NASA’s, and that means stopping for some sightseeing. On Wednesday, NASA shared snaps from a roadside attraction that’s caught the rover team’s attention.
The object of interest is a patch of rock left over from when Jezero Crater was a lake, in the far distant past when Mars was more watery than it is today.
“Check out this patch of rock I found: looks kind of like garden pavers, and is probably exposed bedrock,” NASA tweeted along with a GIF of the rover checking the spot out. “Material like this, from the early days of this ancient lakebed, can help capture what that lake was like.”
Perseverance is logging a few days at the site to get a closer look. The rover has a lot of science ahead, but one of its main missions is to seek out evidence of ancient microbial life on the red planet. A former lake is a perfect place to investigate Mars’ past habitability.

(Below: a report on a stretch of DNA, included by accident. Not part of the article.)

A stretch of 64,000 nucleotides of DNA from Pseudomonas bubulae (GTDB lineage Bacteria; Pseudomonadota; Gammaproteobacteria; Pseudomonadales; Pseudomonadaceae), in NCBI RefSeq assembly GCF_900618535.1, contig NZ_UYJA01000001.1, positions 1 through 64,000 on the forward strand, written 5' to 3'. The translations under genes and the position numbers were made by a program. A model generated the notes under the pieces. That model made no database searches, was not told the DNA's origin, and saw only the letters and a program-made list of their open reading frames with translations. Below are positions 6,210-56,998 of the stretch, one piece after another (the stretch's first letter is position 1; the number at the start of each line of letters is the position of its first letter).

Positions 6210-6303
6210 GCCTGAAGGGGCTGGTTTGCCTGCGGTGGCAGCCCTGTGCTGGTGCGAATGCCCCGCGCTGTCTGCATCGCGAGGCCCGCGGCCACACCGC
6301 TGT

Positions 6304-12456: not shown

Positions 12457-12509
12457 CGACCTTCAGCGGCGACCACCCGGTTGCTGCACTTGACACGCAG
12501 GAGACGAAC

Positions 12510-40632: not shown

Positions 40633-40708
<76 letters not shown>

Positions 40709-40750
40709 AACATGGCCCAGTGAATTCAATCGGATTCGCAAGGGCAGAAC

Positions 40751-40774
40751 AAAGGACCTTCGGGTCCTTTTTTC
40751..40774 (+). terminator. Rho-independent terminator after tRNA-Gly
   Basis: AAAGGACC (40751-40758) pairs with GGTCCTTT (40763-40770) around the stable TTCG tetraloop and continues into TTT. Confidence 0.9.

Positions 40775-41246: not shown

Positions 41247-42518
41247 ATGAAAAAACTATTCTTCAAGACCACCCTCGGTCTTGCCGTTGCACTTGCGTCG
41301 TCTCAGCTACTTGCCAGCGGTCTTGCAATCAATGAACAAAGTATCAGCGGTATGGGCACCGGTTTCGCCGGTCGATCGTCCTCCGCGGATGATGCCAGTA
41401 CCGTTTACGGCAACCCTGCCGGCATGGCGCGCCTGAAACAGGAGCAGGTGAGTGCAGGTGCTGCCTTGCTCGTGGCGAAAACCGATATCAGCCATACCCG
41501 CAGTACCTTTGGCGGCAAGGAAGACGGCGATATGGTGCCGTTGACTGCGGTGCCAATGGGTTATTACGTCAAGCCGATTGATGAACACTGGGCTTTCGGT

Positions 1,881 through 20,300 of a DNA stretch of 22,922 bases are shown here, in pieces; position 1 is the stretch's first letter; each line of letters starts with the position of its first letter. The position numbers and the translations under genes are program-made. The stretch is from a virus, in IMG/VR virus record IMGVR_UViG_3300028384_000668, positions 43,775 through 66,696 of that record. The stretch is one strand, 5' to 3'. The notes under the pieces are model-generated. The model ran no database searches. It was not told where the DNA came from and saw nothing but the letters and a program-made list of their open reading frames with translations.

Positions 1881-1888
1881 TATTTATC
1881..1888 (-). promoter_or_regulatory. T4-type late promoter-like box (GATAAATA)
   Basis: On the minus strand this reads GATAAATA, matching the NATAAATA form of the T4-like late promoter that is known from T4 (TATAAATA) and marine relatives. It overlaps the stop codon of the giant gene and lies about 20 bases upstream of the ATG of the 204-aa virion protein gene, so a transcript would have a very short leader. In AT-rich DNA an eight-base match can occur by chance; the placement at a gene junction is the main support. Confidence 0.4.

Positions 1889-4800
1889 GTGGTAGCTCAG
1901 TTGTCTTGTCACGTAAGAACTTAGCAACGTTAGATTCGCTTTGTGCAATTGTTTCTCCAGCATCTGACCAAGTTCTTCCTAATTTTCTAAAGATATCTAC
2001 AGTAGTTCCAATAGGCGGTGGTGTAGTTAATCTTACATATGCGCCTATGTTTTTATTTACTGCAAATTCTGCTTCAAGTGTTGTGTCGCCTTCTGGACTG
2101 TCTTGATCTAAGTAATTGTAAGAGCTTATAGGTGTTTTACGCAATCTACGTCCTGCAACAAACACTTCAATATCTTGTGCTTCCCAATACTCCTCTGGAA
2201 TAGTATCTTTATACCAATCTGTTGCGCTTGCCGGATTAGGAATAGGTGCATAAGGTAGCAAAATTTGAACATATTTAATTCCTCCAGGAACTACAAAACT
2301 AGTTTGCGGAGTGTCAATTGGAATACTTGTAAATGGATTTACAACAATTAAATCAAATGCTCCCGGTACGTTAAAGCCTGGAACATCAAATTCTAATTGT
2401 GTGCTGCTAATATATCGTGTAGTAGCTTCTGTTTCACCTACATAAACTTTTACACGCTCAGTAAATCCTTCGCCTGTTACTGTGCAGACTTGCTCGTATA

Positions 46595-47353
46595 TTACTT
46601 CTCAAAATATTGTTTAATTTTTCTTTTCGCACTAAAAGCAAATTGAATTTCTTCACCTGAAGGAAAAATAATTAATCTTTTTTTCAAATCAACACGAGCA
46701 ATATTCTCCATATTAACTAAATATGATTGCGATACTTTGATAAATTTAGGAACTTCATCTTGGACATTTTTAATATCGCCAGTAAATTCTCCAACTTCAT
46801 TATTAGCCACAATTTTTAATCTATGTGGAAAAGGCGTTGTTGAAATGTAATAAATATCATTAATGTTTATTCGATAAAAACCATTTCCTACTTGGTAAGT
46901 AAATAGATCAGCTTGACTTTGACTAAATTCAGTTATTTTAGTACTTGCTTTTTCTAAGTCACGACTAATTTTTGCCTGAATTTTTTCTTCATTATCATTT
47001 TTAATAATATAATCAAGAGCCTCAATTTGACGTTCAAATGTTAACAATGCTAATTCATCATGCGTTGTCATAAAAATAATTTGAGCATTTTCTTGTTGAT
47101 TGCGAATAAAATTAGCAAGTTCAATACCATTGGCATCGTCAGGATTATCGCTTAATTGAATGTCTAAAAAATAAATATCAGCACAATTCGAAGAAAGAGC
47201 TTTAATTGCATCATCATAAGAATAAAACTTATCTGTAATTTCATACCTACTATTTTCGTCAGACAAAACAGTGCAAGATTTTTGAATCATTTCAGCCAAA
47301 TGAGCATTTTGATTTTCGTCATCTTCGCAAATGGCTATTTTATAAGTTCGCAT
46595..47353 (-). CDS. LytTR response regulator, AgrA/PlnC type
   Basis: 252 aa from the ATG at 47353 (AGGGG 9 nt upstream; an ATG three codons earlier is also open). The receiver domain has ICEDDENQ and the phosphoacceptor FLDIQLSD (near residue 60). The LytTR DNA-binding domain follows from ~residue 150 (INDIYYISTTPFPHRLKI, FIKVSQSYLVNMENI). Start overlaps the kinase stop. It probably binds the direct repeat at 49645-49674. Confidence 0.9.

The images shared by NASA show the rover checking out the “pavers” with the gear on the end of its robotic arm.
“The arm lets the rover work as a human geologist would: by holding and using science tools with its ‘hand’ or turret,” NASA said in a rover explainer. “The rover’s own ‘hand tools’ extract cores from rocks, takes microscopic images and analyzes the elemental composition and mineral makeup of Martian rocks and soil.”
NASA’s robotic explorer arrived on Mars in February and is into its first official science campaign with its companion. The bedrock investigation is a sign of science to come as the rover teases out the story of Mars’ ancient history.
Follow CNET’s 2021 Space Calendar to stay up to date with all the latest space news this year. You can even add it to your own Google Calendar.